The free WordPress plugin ‘Policy Genius’ helps you draw up a privacy policy in a few easy steps. This is no guarantee, however, that your policy then meets all requirements. It would be best to consult a lawyer to be safe.

The Impact of the New Privacy Law (GDPR) on Your WordPress Website

As from the 25th of May, 2018, the new privacy law (GDPR) comes into force. From then onward, all of Europe will have to abide by the same privacy regulations. The Dutch Wbp will be suspended and replaced by new regulations for processing and editing personal data. These new rules apply to your WordPress website too should you have a contact form, make use of Google Analytics, or have a webshop. In this article we explain how the new privacy law operates and what applies to your WordPress website and, therefore, deserves your attention.

This is no juridical article and no rights can be derived from its content.

Moving from a user agreement to a handling agreement

The former privacy law already required a secure processing of personal data, which was to be defined in a user agreement. The new law requires every European organization to be able to account for a secure handling of all personal data, which is to be recorded in a handling agreement. This means that you, first of all, need to know exactly what kind of personal data your organization gathers.

Secondly, you need to be able to guarantee that personal data you share with third parties, is also protected; such as personal data you share with your accountant, with your CRM or within your email marketing software. This applies to software of non-European origin as well (e.g. software supplied by American companies). You are obligated to make agreements with all your suppliers. Practically, this means the GDPR has an impact on privacy policies of organizations worldwide.

You also need to make agreements with third parties that have access to your WordPress website; like your hosting party, editors, administrators and parties that can access personal data via a plugin.

What is personal data?

What is considered to be personal data? And, when is this data deemed privacy-sensitive? Basically, all data that can identify a person as an individual. For instance, when someone fills in a contact form on your WordPress website. Data like,

  • name
  • postal address
  • email address
  • location data (e.g. GPS coordinates)
  • IP-addresses

Keep in mind that company information (e.g. the name of an organization, email address, postal address, etc.) is not considered personal data.

When is personal data regarded as extremely privacy-sensitive?

On top of ‘standard’ personal data, there is an additional category: ‘privacy-sensitive’ personal data. Should you handle data within your organization that is categorized as such, then there are additional requirements. These requirements also apply to your WordPress website, when you gather data that involves,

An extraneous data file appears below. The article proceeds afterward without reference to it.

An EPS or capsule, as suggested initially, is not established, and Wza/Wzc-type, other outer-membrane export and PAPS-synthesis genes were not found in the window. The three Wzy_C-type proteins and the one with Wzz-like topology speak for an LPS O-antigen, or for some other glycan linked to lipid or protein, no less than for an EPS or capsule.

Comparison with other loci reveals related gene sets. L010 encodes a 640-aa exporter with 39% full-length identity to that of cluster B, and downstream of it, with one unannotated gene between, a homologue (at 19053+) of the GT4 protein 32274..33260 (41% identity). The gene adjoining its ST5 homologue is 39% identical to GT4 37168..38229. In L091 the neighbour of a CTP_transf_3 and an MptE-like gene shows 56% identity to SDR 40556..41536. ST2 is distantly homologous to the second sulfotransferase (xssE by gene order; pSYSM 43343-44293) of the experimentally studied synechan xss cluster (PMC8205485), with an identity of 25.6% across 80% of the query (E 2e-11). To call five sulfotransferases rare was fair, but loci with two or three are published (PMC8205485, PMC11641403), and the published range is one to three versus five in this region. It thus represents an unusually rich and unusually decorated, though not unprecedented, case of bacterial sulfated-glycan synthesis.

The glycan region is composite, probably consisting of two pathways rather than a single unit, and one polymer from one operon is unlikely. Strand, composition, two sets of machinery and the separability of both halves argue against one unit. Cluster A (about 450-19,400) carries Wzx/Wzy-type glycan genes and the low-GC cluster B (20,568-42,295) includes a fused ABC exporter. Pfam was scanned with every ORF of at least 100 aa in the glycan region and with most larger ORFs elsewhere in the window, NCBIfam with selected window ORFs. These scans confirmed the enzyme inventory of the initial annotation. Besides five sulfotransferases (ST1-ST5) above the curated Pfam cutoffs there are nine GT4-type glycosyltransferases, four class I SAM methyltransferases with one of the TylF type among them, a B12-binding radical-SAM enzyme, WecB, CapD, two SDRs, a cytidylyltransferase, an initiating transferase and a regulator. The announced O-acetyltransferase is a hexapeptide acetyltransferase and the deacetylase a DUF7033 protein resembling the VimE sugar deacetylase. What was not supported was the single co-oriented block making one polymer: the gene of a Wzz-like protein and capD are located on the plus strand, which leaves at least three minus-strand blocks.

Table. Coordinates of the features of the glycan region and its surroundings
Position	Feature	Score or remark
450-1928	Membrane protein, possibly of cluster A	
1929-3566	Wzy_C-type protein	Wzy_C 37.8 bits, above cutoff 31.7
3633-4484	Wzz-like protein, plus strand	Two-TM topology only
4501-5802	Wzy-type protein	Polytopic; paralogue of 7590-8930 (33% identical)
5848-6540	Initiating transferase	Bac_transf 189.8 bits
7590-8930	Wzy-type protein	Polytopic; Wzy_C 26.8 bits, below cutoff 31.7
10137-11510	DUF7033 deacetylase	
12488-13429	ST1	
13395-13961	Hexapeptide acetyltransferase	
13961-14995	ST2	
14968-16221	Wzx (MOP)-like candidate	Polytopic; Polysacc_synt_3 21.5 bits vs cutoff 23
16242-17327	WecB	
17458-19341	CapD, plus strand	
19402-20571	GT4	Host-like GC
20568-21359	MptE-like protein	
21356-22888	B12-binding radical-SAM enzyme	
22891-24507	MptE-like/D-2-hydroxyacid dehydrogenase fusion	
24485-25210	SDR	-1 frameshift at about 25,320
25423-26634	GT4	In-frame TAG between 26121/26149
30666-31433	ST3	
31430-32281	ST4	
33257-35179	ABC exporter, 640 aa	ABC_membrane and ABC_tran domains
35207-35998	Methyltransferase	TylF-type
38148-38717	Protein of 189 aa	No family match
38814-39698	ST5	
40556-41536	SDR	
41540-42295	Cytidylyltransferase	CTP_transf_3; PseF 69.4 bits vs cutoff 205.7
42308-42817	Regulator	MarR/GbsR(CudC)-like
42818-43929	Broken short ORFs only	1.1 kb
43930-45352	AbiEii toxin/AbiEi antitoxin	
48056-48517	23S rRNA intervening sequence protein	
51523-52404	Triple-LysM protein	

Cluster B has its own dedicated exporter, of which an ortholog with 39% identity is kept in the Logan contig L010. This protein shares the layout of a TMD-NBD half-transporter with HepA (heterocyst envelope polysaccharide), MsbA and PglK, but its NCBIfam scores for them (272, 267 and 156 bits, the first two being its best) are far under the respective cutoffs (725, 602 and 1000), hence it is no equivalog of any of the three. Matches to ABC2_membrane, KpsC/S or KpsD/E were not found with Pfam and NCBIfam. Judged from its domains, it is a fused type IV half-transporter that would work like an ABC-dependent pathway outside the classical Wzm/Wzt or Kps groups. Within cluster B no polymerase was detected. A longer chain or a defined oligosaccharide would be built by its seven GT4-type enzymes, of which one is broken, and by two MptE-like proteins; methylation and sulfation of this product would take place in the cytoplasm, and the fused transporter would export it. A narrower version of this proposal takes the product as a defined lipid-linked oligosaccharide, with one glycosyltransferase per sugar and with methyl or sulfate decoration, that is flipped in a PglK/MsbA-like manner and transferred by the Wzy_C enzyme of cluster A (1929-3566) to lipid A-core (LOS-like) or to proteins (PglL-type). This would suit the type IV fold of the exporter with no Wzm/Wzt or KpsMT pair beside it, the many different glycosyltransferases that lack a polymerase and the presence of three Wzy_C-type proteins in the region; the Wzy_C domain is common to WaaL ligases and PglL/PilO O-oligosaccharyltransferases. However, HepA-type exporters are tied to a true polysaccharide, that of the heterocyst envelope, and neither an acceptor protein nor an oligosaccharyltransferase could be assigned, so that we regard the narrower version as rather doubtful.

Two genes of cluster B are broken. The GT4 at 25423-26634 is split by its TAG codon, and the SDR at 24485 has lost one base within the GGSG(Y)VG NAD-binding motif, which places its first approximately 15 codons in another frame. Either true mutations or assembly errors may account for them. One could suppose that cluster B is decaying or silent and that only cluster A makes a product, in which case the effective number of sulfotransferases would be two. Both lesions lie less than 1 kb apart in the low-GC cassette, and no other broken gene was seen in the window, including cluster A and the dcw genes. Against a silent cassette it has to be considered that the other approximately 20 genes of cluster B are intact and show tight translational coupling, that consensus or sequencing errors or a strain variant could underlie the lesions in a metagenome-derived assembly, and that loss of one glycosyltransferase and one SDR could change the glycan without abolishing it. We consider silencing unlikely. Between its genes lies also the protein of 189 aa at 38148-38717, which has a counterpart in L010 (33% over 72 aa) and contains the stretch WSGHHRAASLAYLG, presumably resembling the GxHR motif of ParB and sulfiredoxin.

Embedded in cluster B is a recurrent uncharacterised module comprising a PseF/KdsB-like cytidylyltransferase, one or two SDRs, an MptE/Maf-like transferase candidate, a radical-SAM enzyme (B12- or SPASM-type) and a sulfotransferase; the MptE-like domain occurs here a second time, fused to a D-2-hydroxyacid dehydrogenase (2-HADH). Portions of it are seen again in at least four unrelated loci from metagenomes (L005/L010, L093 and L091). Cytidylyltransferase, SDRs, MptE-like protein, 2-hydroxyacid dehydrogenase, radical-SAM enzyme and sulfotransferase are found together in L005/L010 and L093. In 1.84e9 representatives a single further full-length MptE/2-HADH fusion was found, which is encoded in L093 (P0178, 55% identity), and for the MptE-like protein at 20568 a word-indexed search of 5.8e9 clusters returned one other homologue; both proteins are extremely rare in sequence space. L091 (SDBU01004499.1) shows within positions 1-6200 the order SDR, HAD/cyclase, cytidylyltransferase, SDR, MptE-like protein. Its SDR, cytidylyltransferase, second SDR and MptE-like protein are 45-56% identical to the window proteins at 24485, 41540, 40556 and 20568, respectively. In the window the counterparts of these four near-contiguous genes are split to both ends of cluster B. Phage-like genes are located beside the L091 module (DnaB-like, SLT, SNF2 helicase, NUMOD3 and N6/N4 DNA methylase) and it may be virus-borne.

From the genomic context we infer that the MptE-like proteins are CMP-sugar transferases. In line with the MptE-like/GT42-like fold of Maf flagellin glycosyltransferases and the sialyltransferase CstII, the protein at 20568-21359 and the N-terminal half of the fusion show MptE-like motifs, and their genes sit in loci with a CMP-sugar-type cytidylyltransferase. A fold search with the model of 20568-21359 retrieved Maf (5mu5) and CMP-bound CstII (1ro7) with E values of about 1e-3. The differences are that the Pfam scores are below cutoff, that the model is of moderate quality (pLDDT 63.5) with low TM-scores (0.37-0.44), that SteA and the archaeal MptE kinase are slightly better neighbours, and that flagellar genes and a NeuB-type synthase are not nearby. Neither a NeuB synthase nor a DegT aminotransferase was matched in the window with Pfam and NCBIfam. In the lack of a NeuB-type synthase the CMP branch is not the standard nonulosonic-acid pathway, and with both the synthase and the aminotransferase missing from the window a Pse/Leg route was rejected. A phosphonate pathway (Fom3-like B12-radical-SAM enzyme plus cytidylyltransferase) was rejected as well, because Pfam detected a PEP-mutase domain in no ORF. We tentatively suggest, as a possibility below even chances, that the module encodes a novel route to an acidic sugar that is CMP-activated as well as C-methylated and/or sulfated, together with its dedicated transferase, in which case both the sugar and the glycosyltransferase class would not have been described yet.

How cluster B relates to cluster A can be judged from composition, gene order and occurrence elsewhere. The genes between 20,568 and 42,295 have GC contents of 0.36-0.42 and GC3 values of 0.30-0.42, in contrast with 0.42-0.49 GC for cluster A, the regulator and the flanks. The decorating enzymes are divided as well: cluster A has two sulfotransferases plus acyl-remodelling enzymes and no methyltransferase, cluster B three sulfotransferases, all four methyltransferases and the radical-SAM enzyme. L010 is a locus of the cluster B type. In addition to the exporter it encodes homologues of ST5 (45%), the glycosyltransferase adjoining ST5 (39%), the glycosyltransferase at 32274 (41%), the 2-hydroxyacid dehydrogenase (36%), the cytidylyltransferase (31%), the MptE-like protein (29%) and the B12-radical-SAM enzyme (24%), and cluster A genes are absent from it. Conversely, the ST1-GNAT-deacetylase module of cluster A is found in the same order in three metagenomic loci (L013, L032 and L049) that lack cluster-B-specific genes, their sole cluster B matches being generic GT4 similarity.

• Social Security Number
  • Race
  • Medical information
  • Sexual orientation
  • Religious / political preference

What rights do consumers have?

As mentioned before, the goal of the new privacy law (GDPR) is to protect the rights of the end user (consumer). This includes visitors of your WordPress website. But what exactly are their rights, and what can they demand from you as an organization?

Inform, permit and refuse

People have the right to be informed before their data is being gathered, edited and processed by your WordPress website. Users must give their explicit consent to this, too. This means providing a cookie announcement in the footer of your website, giving the option to sign up for a new letter via a tick box (that is not checked by default!). Ultimately, users must be given the option to withdraw their permission at any time, for instance by unregistering or reviewing the cookie settings again.

Easy access

Individuals you have gathered personal data from on your WordPress website, are allowed to request this data from you. Organizations have to deliver this data within a month and are, in principle, not entitled to charge any costs. In addition, there is the data portability right: personal data must be able to be inspected in a reasonable manner. Excel sheets or CSV files are relatively easy to open, but a direct database dump is not.

Edit, limit and remove

Consumers are entitled to ask you to rectify faulty information, as well as request to refrain from further editing of personal data (apart from storing it). Also, every person has ‘the right to be forgotten’. Put differently, upon request you will have to be able to remove people’s data completely.